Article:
Kenya: D-day: Verdict out on Kenya's most guarded exams

The curtains will today fall on Kenya’s most guarded national exams after a month-long process that saw teachers and students arrested and some charged over cheating.

Candidates will sit the Physics Practical paper this morning, ending a well-coordinated process, with only a few cheating attempts reported.

And the verdict is out: The country is on its way to restoring the credibility of the national examinations after years of questionable administration.

This year, a total 1.5 million candidates sat Kenya Certificate of Primary Education (KCPE) and Kenya Certificate of Secondary Education (KCSE) examinations. Of these, 952,445 sat KCPE exams and 577,079 KCSE.

The Kenya National Examinations Council (Knec) Chairperson George Magoha warned candidates that the era of abnormal As was over, saying candidates will only get the marks they deserve.

The statement by Prof Magoha in Kisii County pointed at the planning and execution of a strategy that beat the examination theft cartels.

During the national exercise that kicked off early this month, at least 40 teachers were arrested across the country and charged with breaching examination rules set by Knec.

The Standard has established that the changes began after Cabinet Secretary Fred Matiang’i reorganised the Knec Council.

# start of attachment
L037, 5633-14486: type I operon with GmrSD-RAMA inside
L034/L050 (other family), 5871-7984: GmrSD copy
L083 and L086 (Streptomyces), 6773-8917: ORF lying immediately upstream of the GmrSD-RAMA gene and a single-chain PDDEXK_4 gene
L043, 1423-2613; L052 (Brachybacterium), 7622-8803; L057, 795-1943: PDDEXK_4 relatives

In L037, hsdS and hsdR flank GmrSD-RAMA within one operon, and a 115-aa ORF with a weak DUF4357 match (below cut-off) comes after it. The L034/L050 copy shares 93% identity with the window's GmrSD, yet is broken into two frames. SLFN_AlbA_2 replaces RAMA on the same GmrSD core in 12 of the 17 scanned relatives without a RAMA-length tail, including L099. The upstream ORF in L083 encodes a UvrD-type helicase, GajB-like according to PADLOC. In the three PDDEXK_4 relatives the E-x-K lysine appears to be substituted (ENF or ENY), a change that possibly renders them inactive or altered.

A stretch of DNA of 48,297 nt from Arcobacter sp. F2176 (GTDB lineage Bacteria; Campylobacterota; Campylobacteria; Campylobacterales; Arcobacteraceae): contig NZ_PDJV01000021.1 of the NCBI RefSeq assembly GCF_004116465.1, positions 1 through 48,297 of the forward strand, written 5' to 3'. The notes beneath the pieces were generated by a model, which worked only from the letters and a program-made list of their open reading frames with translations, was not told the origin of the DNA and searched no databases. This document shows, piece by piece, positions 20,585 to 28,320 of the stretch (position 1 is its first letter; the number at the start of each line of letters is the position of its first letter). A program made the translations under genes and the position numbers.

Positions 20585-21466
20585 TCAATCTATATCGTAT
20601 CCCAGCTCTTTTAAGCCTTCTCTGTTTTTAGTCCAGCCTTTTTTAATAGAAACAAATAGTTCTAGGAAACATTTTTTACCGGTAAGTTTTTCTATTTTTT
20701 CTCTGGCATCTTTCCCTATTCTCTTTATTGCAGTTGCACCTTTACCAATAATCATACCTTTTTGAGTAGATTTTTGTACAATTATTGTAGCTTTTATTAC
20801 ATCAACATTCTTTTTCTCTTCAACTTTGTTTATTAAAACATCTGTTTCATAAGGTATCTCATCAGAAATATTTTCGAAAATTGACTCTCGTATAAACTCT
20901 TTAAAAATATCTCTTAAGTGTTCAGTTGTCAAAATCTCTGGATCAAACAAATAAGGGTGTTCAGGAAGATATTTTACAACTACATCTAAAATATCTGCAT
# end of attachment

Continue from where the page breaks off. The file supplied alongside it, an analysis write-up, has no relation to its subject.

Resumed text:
Sources yesterday said that fresh examination questions were set, throwing into a spin cartels previously used to stealing examinations.

The sources said the questions were randomly selected and sent abroad for printing, to cut off local circulation.

Security was enhanced through shrink-wrapping, which ensured there was no unauthorized access to the papers.

Deployment of strong metallic containers to store the exam papers and the appointment of school heads as centre managers also helped avert cases of cheating.

However, what made all the difference was the number of security personnel deployed. The Standard established that this year saw the largest deployment of security and intelligence officers, in a well-planned programme to safeguard credibility of the examinations.

This was reflected in a joint statement by Interior Cabinet Secretary Joseph Nkaissery, Information’s Joe Mucheru and Matiang’i.

A number of Government agencies and ministries were involved in the administration of the examinations.

All national government officials in the counties were directed to grant necessary support to the Education officers to facilitate successful delivery of exams, Nkaissery said. And to ease coordination, a command and control centre was established.

Further, a call centre was set up to receive and filter communication from the field. The public was also encouraged to send in feedback concerning the conduct of the examinations through telephone number 0800724900, according to the joint communication.

Despite this year’s reported hitches of question mix-ups, inadequate writing paper and delivery of papers to wrong centres, the process was comparatively smooth. Matiang’i is expected to make amajor announcement this morning to wrap up his first national examination exercise that the Government dubbed a “security issue”.